• Most of these materials are consumed within China, but in 2017, around 25 percent of the cement and 9 percent of the steel produced in China was exported
  • Motor vehicles represent another major source of emissions in China

– chinapower.csis.org

 

Household C02 Emissions

  • Over 72 percent of the electrical power generated in China in 2015 came from coal-powered plants, making coal a primary contributor to household CO2emissions
  • In 2015, urban household CO2 emissions in China predominantly resulted from natural gas (33.2 percent) and liquefied petroleum gas (26.1 percent)
  • In contrast, coal contributes over 65 percent of China’s rural household emissions

– chinapower.csis.org

 

Other Greenhouse Gas Emissions

  • Methane (CH4), nitrous oxide (N2O), and fluorinated gases collectively account for nearly 20 percent of the country’s total emissions
  • Methane is capable of trapping 25 times more heat in the atmosphere than carbon dioxide. One pound of nitrous oxide has 300 times the warming effect of one pound of carbon dioxide.
  • China was responsible for 18.5 percent of global methane emissions (1.7 billion tons) and 18.5 percent of N2O emissions (537 million tons) in 2016. On both fronts, China’s emissions surpassed those of India, France, Germany and Russia combined.
  • CH4 is mainly produced by transporting and distributing energy sources, raising livestock, and managing wastewater and landfills. In 2016, 42.9 percent of China’s CH4 emissions came from its energy sector, such as coal mining and the transportation of gases. An additional 38.2 percent resulted from agricultural activities. In the US, energy-related industries contributed to 43.7 percent of the country’s methane emissions in 2016, and agriculture contributed 34.9 percent.
  • China’s agriculture-related emissions are largely a byproduct of rice cultivation, which made up 55 percent of its agricultural methane emissions in 2016
  • Compared to the US, as the world’s largest producer of beef, most of the agricultural methane released in the US comes from livestock instead.
  • Overall, China’s non C02 greenhouse gas breakdown is Agriculture 40.8%, Energy 31.2%, Waste 13.2%, Industrial Processes 12.7%, & Indirect & Other 2%
  • The agricultural and energy sectors are also the primary sources of N2O emissions. Nitrous oxide is mainly a consequence of agricultural soil management, such as fertilizer, as well as other industrial activities. The agricultural industry is the leading emitter of N2O in China, making up 73.7 percent of its emissions.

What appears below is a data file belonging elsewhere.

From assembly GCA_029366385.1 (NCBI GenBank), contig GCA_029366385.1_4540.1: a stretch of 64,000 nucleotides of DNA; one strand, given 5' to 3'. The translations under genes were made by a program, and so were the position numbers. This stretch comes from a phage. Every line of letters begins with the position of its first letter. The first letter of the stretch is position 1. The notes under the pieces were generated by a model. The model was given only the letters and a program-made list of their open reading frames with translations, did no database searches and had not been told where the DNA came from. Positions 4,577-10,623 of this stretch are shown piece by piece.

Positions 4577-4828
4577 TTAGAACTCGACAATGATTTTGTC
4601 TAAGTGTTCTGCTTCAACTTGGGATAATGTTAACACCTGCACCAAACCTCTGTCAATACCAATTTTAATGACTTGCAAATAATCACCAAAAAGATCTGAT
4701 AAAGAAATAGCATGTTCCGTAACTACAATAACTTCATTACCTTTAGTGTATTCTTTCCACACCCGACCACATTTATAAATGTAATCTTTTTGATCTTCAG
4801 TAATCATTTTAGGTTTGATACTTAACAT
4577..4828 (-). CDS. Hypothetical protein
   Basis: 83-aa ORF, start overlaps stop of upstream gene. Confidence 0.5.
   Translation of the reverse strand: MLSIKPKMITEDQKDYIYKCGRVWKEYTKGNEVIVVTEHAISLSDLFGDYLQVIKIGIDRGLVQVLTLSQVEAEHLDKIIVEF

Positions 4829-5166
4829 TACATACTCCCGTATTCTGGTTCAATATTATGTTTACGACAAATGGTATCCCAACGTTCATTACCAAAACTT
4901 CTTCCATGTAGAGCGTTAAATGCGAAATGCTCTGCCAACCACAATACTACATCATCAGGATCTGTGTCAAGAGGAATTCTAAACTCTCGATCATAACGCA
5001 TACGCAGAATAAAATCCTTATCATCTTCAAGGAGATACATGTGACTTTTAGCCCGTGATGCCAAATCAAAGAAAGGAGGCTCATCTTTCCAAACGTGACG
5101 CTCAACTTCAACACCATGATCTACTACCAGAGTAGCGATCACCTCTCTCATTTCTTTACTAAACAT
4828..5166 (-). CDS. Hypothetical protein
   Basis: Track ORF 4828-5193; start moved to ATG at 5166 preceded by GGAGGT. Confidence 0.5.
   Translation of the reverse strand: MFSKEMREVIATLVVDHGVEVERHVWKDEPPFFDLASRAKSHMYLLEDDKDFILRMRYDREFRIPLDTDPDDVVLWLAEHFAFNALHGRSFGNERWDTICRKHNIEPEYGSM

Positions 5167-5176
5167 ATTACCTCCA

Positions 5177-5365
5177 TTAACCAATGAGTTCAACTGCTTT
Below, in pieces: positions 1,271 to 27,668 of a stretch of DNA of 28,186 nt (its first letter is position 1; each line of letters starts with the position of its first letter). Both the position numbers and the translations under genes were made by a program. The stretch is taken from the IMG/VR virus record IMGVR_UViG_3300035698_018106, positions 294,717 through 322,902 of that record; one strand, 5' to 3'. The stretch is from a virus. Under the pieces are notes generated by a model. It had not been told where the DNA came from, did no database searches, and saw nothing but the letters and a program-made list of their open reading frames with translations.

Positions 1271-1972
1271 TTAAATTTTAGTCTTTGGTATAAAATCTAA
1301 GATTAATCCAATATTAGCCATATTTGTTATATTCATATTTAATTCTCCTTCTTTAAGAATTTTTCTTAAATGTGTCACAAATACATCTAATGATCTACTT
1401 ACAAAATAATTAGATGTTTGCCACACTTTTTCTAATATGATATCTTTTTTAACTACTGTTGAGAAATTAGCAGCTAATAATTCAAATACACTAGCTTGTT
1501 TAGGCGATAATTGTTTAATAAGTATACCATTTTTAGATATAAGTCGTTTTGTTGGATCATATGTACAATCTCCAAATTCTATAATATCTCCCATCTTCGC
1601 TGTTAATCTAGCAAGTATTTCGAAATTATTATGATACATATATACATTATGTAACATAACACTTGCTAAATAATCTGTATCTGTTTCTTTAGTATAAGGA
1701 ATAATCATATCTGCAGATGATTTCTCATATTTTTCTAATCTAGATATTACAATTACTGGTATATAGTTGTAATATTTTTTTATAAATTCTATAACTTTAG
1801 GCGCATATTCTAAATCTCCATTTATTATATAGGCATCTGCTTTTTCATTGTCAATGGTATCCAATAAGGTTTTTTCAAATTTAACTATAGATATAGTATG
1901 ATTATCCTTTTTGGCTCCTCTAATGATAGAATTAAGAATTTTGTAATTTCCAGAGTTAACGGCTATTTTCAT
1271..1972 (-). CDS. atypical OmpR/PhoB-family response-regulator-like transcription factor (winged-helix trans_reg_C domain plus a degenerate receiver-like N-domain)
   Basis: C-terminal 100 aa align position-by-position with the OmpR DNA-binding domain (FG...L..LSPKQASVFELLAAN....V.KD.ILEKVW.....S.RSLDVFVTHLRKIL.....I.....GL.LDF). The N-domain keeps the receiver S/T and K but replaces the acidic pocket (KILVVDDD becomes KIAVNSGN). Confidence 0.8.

– chinapower.csis.org

 

Current Greenhouse Gas Emissions Trend In China

In the year 2000, China had:

  • 3.4 Giga tonnes of C02 emissions – which was 13.9% of global C02 emissions
  • 2.4 Gt came from coal, 0.649 from oil, 0.0598 from gas, 0.297 from cement, and 0 from gas flaring

In the year 2016, China had:

  • 10.2 Gigatonnes of C02 Emissions – which was 29.2% of global C02 emissions
  • Coal was responsible for 7.17Gt, Oil 1.38Gt, Gas 0.395Gt, Cement 1.2Gt and 0 from Gas Flaring

In the year 2017, China:

  • was responsible for 27.6 percent of global carbon dioxide emissions

China’s reliance on coal for it’s economic development in the recent past is evident here.

– chinapower.csis.org

 

Future Forecast For Greenhouse Gas Emissions In China

Precise forecasts for greenhouse gas emissions, and particularly carbon dioxide emissions, are hard to make due to factors such as economic activity, price of fossil fuels, what happens in the electricity and transport industries, government policy developments, whether there are improvements in energy efficiency + more.

So, only estimated forecasts can be made.

 

There’s really three main things to consider with China’s future forecast for greenhouse gases:

1) China is making efforts to reduce emissions from existing C02 producing activities

2) China is trying to make a transition from coal, to natural gas, and also to renewable/green energy – a huge investment has been made recently by China in this transition

3) There are difficulties, complexities and challenges in making this transition

 

In more detail…

 

1) China Making Efforts To Reduce Emissions

  • China has introduced plans for steel production to meet ultra low emissions standards by 2020
  • They are upgrading their power plants to produce more energy with less coal
  • This will put it past the US in that regard
  • It has introduced carbon capture and storage (CCS)
  • In 2017, a nationwide emissions trading scheme (ETS) that incentivizes companies to cut emissions by putting a “price” on CO2. Since its launch, approximately 38 million tons of CO2 have been traded in regional carbon markets.
  • In 2017, to address rural household C02 emissions from coal, electric or gas heaters were subsidised for installation in 3 million homes throughout villages and cities. The use of coal-fired stoves was also banned